RPA: Joe Marler disciplinary process for 'gypsy boy' slur 'defies belief'
Published 29/03/2016 | 17:42
The Rugby Players' Association insists the prolonged disciplinary process that hangs over England prop Joe Marler "defies belief".
In a strongly worded statement released on Tuesday afternoon, players' union chief executive Damian Hopley offered a robust defence of Marler and claimed he is the victim of an "excruciating media witch hunt".
Marler faces a misconduct hearing on April 5 after verbally abusing Wales front row Samson Lee with the slur "gypsy boy" in the 25-21 victory at Twickenham earlier this month.
World Rugby ordered that the case be heard by an independent judicial committee due to its misgivings over the original investigation conducted by Six Nations organisers, who failed to punish Marler despite his admission of guilt.
The 25-year-old was reprimanded by England but received no sanction, while Rugby Football Union chief executive Ian Ritchie declared the probe's verdict should be the "end of the matter".
Hopley insists World Rugby's intervention means Marler, who apologised to Lee at half-time during the Six Nations match, is to be tried twice for the same offence.
"Now that the World Rugby hearing date has finally been set - over three weeks since the matter was concluded by the 6 Nations - it is important to place on the record how we have watched the events around this ongoing disciplinary process unfold in a state of disbelief," Hopley said.
"As people throughout the game know, Joe is no racist. He made a comment when provoked and is now being hung out to dry in this excruciating media witch hunt whilst World Rugby have intervened against the RFU and the Six Nations.
"To put Joe in this position after he apologised to the opposition player, admitted his error of judgement and also received a severe rebuke from the RFU and the tournament smacks of double jeopardy.
"Everyone recognises there is no place in the game for these provocations but let's be absolutely clear, Joe is not racially motivated and this matter should have been closed when it was originally dealt with three weeks ago.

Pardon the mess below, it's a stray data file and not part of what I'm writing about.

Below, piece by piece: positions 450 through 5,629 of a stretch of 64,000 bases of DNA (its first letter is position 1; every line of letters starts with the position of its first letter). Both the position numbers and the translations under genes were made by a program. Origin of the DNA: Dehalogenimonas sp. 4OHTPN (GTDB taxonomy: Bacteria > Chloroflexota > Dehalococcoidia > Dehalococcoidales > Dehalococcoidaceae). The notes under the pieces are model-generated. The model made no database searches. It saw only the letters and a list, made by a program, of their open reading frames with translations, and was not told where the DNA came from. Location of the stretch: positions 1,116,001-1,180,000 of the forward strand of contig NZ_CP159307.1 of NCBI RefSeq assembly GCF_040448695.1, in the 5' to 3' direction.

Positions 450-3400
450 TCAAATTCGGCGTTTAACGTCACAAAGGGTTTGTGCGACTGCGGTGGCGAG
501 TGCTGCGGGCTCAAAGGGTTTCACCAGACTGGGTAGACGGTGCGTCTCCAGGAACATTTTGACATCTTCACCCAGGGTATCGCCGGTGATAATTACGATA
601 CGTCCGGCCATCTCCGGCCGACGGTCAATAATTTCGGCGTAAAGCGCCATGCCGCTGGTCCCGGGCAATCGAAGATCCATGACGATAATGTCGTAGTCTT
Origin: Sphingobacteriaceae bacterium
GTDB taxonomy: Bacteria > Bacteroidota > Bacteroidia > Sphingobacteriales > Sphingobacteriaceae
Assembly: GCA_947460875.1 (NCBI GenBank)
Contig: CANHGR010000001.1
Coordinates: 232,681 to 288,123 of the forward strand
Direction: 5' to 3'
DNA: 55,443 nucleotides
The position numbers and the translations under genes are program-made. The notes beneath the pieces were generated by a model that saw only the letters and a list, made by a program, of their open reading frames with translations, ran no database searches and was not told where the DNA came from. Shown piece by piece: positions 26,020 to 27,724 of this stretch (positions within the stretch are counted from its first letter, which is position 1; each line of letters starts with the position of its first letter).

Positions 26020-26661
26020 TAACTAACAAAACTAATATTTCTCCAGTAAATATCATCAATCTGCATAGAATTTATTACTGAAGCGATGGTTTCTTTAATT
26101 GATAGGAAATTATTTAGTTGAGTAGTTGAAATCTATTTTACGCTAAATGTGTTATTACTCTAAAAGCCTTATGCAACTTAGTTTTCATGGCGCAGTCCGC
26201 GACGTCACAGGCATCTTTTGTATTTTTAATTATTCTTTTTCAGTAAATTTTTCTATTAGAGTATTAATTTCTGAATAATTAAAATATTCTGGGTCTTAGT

"We will be watching the ensuing process extremely carefully but the thought of World Rugby calling for yet another hearing and therefore prolonging this episode defies belief.
"The apology was accepted, Joe held his hand up and it is now time to draw a line and move on."
The RPA's position is at odds with that of Wales, who voiced their concern that Marler was spared sanction for a comment they view as racist.
The issue has polarised opinion, but amid the controversy there has been universal agreement on the farcical nature of the Six Nations' original investigation, resulting in intervention from World Rugby.
Four days after the incident occurred, tournament organisers cleared Marler after judging his remorse, apology at half-time and subsequent reprimand by England as sufficient punishment.
Accompanying the Six Nations' statement on the outcome was the mitigation that the insult was "made in the heat of the moment", a comment that is known to have bemused World Rugby. Furthermore, no details of how the probe was conducted have been released.
Verbal abuse of a player based on religion, race, colour, national or ethnic origin, sexual orientation or otherwise carries an entry-point sanction of four weeks.